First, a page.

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Archive: Hokushû (北洲)

[Nakamura Kikugorô III as the ghost of Oiwa] in Irohagana Yotsuya kaidan, Kado Theater, Osaka
Shunkôsai Hokushû ga
Artist Seal: Hokushû
No publisher seal
(H x W)
Deluxe ôban nishiki-e [plus second graded sheet — see Comments]
(L) 36.5 x 24.8 cm
(R copy) 36.5 x 23.5 cm
Good [deluxe second edition — see Comments]
Good color; good condition (slight soil and a few small marks; slight rubbing of metallic pigments)
Price (USD/¥):

Inquiry (Ref #HKS07)


Irohagana Yotsuya kaidan (Alias syllabary for the Yotsuya ghost story: いろは仮名四谷怪談) was an adaptation specifically rewritten in kamigata style for Onoe Kikugorô III (尾上 菊五郎 1784-1849), an Edo-kabuki superstar who performed while on tour in Osaka in 1826. It was based on an 1825 masterpiece by the playwright Tsuruya Nanboku IV (鶴屋南北 1755-1829), titled Tôkaidô Yotsuya kaidan (Tôkaidô ghost story at Yotsuya: 東海道四谷怪談). The main theme in this most popular of all kabuki ghost plays involves Tamiya Iemon (民谷伊右衛門), Oiwa's husband and a down-on-his-luck rônin reduced to making oil-paper umbrellas. Iemon despairs over his ill fortune, made worse by Oiwa (お岩), who is struggling in her postpartum convalescence and nursing a newborn child. He finds temptation in a neighbor's young daughter named Itô Oume (伊藤お梅), and is persuaded by her grandfather Itô Kihei (伊藤喜兵衛) to give Oiwa a "medicinal potion" — actually a poison — meant to disfigure her so that Iemon will divorce her. Oiwa drinks the potion and her face takes on a monstrous countenance. In Act II, having seen her disfigured face in a mirror, she tries to push past a former brothel owner and now Iemon's servant Takuetsu (宅悦), but accidentally cuts her throat with a sword, dying as she curses Iemon. When Kobotoke Kohei (小佛小平), Iemon's former servant, steals the traditional medicine of the Tamiya family, Iemon catches Kohei and murders him. Then he has his men nail the bodies of Oiwa and Kohei to the opposite sides of a door and throw them into a river, attempting to link Oiwa and Kohei as lovers. At the close of Act 2, on the night of his wedding, Iemon kills Oume and Itô Kihei when he is driven to distraction by devious tricks played by the ghosts of Oiwa and Kohei. Oiwa's ghost continues to haunt Iemon relentlessly. In Act V, she tracks him down in a hermitage at Hebiyama (Snake Mountain: 蛇山) where he is taking refuge. He is finally slain by a rônin (a "wave man" or " floating man," i.e., masterless samurai: 浪人) named Satô Yomoshichi (佐藤与茂七) along with the sister of a servant he has murdered. Yomoshichi was once a vassal of Lord Enya Hangan (塩谷判官), a samurai who was forced to commit seppuku in the great katakiuchi-mono (revenge-killing play: 敵討物 or adauchi-mono: 仇打ち物) titled Kanadehon chûshingura (Copybook of the treasury of loyal retainers: 假名手本忠臣蔵), from which Tôkaidô Yotsuya kaidan was adapted. Yomoshichi, who in Chûshingura is betrothed to Oiwa's sister, the prostitute Osode (おそで), a part-time pleasure woman, joined the rônin vendetta against Kô no Moronao, the nemesis of their deceased master Hangan.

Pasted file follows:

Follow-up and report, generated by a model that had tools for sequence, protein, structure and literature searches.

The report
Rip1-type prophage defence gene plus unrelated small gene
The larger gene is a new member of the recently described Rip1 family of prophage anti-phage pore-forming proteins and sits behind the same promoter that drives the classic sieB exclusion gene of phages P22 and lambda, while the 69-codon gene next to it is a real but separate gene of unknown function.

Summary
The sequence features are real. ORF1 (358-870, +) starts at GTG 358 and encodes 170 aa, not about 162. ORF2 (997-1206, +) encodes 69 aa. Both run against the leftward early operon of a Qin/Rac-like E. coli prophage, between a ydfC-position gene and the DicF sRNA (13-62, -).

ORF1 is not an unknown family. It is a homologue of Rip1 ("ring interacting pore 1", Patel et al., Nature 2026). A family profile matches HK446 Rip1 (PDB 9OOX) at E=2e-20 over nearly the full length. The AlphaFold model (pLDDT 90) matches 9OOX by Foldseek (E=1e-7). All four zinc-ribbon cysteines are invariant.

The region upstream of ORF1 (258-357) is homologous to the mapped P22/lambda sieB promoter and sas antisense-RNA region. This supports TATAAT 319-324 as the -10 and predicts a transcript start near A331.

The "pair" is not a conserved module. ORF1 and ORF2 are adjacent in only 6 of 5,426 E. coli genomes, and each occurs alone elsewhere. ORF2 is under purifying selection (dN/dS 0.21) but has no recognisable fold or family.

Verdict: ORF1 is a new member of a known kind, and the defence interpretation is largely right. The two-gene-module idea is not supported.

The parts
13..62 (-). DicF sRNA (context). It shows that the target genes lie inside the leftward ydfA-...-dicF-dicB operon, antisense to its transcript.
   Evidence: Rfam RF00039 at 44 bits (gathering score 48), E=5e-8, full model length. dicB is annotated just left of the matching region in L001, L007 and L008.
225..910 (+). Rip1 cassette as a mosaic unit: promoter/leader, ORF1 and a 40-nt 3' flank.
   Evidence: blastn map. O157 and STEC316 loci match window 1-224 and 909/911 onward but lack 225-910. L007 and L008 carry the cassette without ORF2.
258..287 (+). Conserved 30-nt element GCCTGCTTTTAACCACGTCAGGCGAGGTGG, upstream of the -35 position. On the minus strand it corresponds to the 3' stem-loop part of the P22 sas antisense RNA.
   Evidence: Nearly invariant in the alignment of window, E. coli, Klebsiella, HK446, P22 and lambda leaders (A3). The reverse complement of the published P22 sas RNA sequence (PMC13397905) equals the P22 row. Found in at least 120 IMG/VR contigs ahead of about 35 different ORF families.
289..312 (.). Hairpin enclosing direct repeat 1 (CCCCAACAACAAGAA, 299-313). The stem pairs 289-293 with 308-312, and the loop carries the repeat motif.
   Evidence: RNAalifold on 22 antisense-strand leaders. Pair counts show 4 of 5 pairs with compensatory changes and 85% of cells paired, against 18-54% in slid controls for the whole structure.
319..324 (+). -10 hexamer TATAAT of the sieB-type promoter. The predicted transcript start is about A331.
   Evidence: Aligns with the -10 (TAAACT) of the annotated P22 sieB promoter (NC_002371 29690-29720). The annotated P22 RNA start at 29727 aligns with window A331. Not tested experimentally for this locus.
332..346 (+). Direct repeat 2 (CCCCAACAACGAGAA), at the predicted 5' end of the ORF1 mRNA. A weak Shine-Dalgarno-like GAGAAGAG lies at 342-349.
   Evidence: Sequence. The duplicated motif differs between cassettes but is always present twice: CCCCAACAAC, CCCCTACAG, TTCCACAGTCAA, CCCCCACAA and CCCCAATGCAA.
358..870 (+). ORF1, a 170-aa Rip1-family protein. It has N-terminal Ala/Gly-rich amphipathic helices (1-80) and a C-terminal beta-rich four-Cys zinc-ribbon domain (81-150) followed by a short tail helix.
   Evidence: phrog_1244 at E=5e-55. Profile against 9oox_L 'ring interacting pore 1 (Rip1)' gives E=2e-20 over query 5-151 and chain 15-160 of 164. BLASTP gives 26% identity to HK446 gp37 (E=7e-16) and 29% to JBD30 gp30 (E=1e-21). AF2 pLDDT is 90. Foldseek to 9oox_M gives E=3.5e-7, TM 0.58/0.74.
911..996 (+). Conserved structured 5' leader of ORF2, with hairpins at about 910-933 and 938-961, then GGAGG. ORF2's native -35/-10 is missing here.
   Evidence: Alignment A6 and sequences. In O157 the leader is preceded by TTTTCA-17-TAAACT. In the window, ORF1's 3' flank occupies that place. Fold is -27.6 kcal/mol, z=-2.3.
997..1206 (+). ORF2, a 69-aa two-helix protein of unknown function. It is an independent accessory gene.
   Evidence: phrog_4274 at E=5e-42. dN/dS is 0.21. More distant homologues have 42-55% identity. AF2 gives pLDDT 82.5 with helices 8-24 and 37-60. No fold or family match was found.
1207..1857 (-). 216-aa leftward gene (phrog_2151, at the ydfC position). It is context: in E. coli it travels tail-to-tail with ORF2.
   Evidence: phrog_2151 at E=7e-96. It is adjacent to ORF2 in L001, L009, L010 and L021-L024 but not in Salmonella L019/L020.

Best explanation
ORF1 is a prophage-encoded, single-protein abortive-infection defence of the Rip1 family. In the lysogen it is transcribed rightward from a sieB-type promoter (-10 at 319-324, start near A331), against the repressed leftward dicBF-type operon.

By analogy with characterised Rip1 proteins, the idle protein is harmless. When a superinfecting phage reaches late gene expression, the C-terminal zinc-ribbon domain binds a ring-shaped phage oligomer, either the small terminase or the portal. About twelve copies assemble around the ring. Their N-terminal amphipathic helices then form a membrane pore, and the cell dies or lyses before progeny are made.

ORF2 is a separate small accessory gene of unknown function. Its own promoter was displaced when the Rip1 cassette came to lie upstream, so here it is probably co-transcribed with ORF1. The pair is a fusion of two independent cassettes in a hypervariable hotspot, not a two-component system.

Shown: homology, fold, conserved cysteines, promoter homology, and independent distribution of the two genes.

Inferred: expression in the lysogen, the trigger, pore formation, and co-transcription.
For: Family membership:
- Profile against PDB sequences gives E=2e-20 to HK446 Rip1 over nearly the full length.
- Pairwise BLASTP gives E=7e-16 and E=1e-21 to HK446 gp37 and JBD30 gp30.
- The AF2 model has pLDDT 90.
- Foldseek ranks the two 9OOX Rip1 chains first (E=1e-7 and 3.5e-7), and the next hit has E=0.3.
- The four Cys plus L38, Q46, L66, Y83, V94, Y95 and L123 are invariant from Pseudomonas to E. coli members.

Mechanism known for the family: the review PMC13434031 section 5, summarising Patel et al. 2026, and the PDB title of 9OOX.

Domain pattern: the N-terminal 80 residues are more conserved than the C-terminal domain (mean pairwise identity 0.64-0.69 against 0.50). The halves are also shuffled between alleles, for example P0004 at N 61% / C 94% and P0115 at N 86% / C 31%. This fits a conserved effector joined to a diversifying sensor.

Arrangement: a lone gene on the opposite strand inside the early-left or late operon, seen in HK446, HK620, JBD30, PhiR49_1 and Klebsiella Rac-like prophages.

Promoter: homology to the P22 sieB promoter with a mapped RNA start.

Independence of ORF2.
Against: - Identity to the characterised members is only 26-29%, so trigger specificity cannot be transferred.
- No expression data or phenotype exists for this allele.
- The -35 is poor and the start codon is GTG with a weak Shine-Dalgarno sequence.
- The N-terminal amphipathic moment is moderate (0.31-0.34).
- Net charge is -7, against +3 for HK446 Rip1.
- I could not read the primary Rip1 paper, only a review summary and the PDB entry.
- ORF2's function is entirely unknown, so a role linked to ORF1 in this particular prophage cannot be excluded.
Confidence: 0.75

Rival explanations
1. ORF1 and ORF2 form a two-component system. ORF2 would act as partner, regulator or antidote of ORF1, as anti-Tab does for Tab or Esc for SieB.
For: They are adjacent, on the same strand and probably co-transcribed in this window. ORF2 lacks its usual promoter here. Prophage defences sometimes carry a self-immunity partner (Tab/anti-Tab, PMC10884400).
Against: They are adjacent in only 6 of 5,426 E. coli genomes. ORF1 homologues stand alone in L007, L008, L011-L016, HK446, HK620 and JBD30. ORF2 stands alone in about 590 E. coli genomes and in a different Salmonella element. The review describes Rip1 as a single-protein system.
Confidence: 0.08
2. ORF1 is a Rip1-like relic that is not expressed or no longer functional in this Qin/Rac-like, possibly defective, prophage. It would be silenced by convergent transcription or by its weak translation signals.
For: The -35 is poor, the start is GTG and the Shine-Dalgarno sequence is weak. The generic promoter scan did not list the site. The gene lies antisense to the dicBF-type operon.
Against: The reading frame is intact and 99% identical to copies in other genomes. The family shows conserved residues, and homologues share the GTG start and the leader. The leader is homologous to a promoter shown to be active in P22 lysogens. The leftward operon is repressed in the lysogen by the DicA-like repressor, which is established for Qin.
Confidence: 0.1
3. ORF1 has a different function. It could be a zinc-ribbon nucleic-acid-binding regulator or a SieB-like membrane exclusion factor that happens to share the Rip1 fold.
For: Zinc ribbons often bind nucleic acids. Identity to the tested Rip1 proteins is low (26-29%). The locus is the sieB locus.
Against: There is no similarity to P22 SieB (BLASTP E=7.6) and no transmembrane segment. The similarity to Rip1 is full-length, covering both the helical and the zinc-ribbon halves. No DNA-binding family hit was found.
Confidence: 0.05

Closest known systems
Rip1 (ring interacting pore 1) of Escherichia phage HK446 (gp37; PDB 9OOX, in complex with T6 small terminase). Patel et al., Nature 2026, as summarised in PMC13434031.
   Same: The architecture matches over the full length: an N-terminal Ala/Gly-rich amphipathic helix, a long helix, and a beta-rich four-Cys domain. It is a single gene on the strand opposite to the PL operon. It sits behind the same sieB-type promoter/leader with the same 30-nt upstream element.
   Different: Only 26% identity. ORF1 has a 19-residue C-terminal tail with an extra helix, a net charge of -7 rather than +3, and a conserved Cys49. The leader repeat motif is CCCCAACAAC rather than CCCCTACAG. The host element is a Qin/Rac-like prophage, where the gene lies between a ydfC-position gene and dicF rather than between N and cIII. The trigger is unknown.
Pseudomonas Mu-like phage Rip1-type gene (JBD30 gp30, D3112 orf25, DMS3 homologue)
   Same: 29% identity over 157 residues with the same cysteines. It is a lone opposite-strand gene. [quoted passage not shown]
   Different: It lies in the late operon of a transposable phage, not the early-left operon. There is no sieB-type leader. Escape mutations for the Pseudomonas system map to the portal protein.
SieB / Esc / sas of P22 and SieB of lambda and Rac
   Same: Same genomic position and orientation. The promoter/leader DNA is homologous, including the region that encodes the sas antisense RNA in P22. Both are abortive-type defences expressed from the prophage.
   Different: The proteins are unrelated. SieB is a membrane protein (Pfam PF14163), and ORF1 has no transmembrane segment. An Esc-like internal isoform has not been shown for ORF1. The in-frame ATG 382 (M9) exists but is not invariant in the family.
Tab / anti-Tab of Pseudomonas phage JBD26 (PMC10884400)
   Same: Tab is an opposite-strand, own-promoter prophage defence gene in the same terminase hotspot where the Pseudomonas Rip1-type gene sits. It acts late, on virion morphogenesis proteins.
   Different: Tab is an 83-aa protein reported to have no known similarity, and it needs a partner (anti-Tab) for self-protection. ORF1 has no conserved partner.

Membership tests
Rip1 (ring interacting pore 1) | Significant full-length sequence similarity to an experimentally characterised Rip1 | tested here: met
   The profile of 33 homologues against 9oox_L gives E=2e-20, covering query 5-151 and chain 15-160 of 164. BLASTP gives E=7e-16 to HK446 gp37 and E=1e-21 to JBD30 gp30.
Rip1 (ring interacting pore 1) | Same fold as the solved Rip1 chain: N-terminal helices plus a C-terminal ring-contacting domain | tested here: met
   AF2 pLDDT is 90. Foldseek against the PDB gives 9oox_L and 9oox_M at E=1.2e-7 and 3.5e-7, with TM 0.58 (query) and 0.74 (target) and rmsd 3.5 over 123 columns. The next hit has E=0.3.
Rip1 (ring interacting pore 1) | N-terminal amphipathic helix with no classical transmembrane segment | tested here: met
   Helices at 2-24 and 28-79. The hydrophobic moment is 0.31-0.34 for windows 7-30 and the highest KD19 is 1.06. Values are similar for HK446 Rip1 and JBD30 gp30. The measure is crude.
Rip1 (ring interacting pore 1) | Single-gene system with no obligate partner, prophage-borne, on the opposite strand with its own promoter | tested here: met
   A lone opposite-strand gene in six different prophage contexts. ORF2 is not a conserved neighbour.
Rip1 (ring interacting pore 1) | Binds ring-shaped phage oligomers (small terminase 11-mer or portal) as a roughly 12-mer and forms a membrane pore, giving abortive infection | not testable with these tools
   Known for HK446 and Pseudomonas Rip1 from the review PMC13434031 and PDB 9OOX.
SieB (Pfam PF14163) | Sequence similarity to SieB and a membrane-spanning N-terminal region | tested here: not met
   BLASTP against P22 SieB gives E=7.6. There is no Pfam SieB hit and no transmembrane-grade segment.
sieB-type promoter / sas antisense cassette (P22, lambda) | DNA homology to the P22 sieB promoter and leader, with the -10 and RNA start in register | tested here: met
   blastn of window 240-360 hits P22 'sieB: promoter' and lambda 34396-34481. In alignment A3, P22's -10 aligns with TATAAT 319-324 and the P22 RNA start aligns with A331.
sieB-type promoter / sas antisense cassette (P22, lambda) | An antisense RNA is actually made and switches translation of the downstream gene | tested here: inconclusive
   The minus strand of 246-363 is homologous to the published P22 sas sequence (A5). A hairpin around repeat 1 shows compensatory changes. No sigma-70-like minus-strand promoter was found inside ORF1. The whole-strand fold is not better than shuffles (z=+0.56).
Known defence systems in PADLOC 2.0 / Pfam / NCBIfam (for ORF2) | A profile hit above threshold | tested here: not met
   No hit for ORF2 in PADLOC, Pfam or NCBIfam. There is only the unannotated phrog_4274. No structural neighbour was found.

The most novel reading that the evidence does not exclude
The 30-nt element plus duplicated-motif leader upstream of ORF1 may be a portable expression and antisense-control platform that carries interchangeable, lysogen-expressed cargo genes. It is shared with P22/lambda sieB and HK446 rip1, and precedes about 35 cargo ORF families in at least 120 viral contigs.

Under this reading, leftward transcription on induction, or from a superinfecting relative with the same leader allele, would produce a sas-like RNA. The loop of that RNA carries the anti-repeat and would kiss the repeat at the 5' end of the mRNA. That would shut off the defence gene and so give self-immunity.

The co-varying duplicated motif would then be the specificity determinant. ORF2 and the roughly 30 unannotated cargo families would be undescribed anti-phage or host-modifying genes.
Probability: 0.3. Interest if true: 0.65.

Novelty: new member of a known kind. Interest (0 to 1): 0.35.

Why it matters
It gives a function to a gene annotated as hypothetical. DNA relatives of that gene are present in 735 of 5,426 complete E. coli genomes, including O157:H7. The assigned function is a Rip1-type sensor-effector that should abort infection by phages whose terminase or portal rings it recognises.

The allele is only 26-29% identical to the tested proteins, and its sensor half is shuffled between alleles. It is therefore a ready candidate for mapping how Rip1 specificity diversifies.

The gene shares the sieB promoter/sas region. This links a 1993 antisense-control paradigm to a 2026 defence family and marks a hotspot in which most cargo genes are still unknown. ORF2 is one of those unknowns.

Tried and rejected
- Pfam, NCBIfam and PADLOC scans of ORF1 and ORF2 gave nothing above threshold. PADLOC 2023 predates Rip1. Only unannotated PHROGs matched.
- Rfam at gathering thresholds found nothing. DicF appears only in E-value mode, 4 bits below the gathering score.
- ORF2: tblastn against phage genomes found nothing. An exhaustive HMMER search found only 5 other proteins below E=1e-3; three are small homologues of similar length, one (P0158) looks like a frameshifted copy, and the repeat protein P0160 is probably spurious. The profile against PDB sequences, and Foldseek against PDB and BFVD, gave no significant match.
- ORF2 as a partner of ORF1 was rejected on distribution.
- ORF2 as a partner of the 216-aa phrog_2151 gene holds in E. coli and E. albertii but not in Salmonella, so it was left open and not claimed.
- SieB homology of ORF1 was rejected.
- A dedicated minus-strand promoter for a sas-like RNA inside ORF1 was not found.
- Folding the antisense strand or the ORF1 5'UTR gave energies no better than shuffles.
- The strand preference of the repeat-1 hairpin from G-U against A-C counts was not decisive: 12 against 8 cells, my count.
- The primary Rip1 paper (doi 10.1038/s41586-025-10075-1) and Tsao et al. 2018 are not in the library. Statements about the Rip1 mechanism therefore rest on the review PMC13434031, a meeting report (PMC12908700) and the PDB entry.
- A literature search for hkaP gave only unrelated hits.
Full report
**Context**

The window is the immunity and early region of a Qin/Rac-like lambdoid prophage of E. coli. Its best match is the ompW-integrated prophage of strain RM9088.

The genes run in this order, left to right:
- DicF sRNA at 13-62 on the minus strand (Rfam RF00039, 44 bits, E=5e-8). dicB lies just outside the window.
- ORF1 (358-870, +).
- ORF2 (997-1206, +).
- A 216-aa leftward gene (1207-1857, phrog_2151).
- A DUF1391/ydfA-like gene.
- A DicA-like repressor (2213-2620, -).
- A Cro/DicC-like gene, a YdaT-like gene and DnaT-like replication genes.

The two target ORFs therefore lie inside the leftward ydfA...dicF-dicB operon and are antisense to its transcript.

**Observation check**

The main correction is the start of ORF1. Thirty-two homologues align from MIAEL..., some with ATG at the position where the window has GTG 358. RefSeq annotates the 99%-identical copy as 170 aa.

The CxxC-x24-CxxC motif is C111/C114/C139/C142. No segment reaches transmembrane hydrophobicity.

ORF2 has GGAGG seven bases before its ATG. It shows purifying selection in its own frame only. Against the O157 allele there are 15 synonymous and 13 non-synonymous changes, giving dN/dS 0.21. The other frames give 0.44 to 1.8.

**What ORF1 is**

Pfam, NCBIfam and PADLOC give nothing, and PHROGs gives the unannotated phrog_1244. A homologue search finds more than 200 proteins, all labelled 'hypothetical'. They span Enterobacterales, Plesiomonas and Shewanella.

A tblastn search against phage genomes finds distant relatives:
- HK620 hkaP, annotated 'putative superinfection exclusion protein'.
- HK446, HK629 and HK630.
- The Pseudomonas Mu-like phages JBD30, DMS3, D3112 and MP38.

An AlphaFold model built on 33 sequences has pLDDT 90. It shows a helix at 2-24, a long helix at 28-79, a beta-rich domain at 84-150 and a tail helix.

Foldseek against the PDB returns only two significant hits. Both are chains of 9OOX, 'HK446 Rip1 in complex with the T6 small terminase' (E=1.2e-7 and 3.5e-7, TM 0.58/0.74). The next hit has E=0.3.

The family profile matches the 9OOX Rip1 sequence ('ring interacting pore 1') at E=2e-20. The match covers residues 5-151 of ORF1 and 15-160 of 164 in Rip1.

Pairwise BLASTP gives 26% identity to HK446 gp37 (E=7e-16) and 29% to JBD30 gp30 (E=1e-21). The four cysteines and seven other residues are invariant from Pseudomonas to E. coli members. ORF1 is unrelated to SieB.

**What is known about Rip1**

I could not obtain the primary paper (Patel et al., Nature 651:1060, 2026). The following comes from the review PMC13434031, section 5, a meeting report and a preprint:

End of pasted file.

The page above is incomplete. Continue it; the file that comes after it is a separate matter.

Ghost prints (obake-e) are relatively uncommon in Osaka printmaking. The drawing and printing of Oiwa's specter appears as if painted in washes of monochrome ink. The spirit flame, ethereal form of Oiwa (including the absence of feet), and the blue bands of face makeup all combine to evoke death and the supernatural.

The inscription was written by the actor Kikugorô, who says that his father's interpretation of the role was quite popular, and so he has been asked to perform it. He signs himself as Baikô (his haimyô).

There are at least three editions of this well-known design. The first can be identified by the metallic pigment for the inscription, the cartouches of the block cutter (horikô Kasuke] and two printers (surikô Matsumura and Hanji), and the dark area of the gradated background extending below the actor's waist. The second edition [as in our impression] retains the metallic pigments but with the cutter/printer cartouche omitted and the dark band in the background running along the top. The third edition, possibly late, shows evidence of lackluster printing and has the inscription printed in black.

The original design included a right-hand sheet printed only with the gradated background, suggesting an eerie night scene at Snake Mountain. It is rarely found, with or without the left sheet. Our right sheet is a later replacement on twentieth-century paper. We include it to provide some idea of the original diptych while acknowledging that the sheet was added later. Furthermore, we are aware of speculation regarding a third (far-right) sheet, but none has ever surfaced, and we remain unconvinced that the composition was ever published as a triptych.

References: IKBYS-I, no. 165; WAS I-4 , nos. 278-279; TWOP, pl. 34; KUN, no. 78; IKB-I, no. 1-444; KNP-6, p. 136; NKE, p. 651